The dissection seems difficult at first, not because of the number of vessels but because of their course in the retroperitoneal fat tissue. However, their anatomy is astonishingly constant (the typical course of the most important vessels is represented here). Bleeders can usually be coagulated without difficulty; attention must be paid to the ureters laterally, to the duodenum cranially and the anterior wall of the vena cava dorsally; 1 = left ureter; 2 = left ovarian artery/vein; 3 = superior vesical artery; 4 = uterine artery; 5 = internal iliac artery.
Of particular importance for a given dissection is the blood supply of the ureter, which is provided by the vessels of the richly vascularized adventitia. Small vessels from every artery that is passed or crossed by the ureter supply this adventitial network: renal artery, ovarian artery, common iliac artery, internal iliac artery, and superior vesical artery, to name the most important. The exact course of these small vessels is anatomically very inconstant, but not the general direction from which the ureter is supplied: from medial above the crossing of the iliac vessels, from lateral below the crossing.

Retroperitoneal Space Course of the Ureter

The most important structure for the gynecologic surgeon in the retroperitoneal space is the ureter. It must be exposed to view along its course in hysterectomy, lymphadenectomy, removal of the infundibulopelvic ligament, and mobilization of sigmoid and cecum. The total length of the ureter is between 25 and 30 cm. This length is divided by the edge of the pelvis into 12–15 cm abdominal and pelvic segments.

Abdominal segment. The abdominal segment of the ureter runs anterior to the psoas muscle and posterior to the ovarian vessels. The right ureter runs laterally to the inferior vena cava and crosses the common iliac artery to the right at the level of its division into external and internal iliac arteries. The left ureter runs lateral to the aorta, and posterior to the inferior mesenteric artery, the ovarian vessels, and the descending colon. At the left brim of the pelvis, because of the course of the sigmoid but in particular because of the physiologic peritoneal adhesions between the sigmoid and left infundibulopelvic ligament and the left wall of the pelvis, the ureter is often only visible after release of these structures as the first step in ureterolysis.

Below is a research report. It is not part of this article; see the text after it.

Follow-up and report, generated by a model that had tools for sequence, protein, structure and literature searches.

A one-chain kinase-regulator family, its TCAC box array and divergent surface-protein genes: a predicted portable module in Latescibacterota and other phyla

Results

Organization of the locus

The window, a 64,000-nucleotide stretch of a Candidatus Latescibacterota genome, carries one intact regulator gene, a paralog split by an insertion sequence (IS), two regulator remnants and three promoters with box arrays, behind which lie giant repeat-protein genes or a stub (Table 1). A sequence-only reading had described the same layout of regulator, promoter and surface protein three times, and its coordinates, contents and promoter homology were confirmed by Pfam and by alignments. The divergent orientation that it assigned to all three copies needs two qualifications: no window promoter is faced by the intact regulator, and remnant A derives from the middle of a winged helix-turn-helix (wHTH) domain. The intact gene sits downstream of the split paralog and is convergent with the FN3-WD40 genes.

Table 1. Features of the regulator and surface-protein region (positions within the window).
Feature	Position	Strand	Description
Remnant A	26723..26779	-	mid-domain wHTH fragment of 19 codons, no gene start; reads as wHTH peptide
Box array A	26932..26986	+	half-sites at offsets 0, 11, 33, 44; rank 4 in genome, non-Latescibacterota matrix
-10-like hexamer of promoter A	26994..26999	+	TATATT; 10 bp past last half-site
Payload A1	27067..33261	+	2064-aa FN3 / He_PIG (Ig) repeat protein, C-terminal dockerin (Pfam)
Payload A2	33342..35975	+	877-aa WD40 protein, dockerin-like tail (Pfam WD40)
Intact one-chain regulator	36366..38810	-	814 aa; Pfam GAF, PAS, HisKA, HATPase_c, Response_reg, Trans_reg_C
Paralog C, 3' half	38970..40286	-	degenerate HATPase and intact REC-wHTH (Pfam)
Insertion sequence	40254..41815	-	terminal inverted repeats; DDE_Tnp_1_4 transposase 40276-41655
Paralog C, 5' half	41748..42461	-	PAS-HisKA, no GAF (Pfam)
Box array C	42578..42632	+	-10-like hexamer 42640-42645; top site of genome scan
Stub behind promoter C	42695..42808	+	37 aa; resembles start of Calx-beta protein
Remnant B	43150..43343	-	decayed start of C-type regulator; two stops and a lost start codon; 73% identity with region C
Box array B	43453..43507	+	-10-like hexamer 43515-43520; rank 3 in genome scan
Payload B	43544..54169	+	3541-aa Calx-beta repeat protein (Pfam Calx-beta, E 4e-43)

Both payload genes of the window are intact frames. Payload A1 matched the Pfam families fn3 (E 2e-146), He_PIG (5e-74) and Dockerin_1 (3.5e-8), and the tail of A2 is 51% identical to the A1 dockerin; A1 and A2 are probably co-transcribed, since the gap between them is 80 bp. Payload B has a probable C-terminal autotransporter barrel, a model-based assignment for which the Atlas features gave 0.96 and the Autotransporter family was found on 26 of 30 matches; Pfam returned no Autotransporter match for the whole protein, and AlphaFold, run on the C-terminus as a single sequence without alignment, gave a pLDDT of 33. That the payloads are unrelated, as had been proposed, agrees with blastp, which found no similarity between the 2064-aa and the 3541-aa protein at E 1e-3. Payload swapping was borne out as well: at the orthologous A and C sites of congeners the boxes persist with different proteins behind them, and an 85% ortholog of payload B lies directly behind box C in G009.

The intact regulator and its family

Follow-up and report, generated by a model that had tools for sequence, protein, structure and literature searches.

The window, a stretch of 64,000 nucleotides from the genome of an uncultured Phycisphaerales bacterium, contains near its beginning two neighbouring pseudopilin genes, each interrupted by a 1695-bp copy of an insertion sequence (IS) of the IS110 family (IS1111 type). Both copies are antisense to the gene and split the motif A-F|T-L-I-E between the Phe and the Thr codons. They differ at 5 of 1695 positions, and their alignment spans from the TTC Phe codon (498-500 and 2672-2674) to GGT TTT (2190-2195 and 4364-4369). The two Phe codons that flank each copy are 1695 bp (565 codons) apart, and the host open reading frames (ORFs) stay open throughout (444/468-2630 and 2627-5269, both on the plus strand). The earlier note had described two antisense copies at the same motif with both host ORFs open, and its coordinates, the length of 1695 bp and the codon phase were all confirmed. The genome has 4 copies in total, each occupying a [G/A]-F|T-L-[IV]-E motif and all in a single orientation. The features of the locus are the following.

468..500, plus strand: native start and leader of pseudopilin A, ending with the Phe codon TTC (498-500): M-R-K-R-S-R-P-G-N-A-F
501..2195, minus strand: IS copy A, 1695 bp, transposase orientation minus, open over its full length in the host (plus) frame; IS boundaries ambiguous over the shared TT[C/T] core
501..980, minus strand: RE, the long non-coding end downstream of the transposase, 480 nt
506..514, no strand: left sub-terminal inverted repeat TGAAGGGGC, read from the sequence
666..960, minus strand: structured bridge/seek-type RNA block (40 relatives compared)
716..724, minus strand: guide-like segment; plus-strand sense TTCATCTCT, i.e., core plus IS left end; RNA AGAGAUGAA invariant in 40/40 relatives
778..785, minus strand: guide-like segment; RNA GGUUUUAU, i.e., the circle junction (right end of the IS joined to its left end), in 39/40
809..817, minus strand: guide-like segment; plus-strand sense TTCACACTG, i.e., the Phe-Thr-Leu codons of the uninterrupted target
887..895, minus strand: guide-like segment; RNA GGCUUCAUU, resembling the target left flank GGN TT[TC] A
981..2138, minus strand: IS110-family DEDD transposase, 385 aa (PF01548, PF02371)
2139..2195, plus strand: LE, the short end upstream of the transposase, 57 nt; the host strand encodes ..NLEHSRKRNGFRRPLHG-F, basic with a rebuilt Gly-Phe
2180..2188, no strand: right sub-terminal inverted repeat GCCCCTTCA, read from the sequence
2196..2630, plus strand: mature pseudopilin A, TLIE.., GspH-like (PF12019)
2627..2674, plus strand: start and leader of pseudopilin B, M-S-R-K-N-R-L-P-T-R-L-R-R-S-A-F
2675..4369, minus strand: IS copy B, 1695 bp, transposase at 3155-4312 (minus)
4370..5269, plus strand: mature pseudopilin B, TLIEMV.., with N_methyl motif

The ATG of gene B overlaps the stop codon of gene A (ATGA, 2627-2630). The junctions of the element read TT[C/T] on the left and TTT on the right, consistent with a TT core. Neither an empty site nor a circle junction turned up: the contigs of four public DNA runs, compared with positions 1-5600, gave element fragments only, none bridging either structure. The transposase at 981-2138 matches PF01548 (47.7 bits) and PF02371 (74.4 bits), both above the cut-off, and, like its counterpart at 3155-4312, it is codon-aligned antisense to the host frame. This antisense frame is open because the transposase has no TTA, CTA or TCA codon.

Pelvic section. In the pelvis itself, the ureters run close to the medial peritoneal lamina, posterior to the ovarian vessels, and continue to medially, toward the cervix, under the uterine arteries that extend into the uterus, and into the parametrium. Usually the distance from the internal cervical aperture laterally to the ureter is given as about 2 cm. From here, the ureter runs in a dense connective tissue sheath, also known as the “Wertheim tunnel,” that consists of the fibrous tissue of the cardinal ligament. Immediately after it crosses under the uterine artery, the ureter again approaches the cervix in an anterocaudal direction, in the so-called ureteral knee. Here it is particularly difficult to dissect the uterus free in a radical hysterectomy. The remaining path runs even more sharply medially and slightly anterocaudal, where the ureter enters the vesical trigone lying on the vagina, somewhat anterior to the vaginal fornix.

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Jun 18, 2020 | Posted by in GYNECOLOGY | Comments Off on Preliminary Remarks about the Region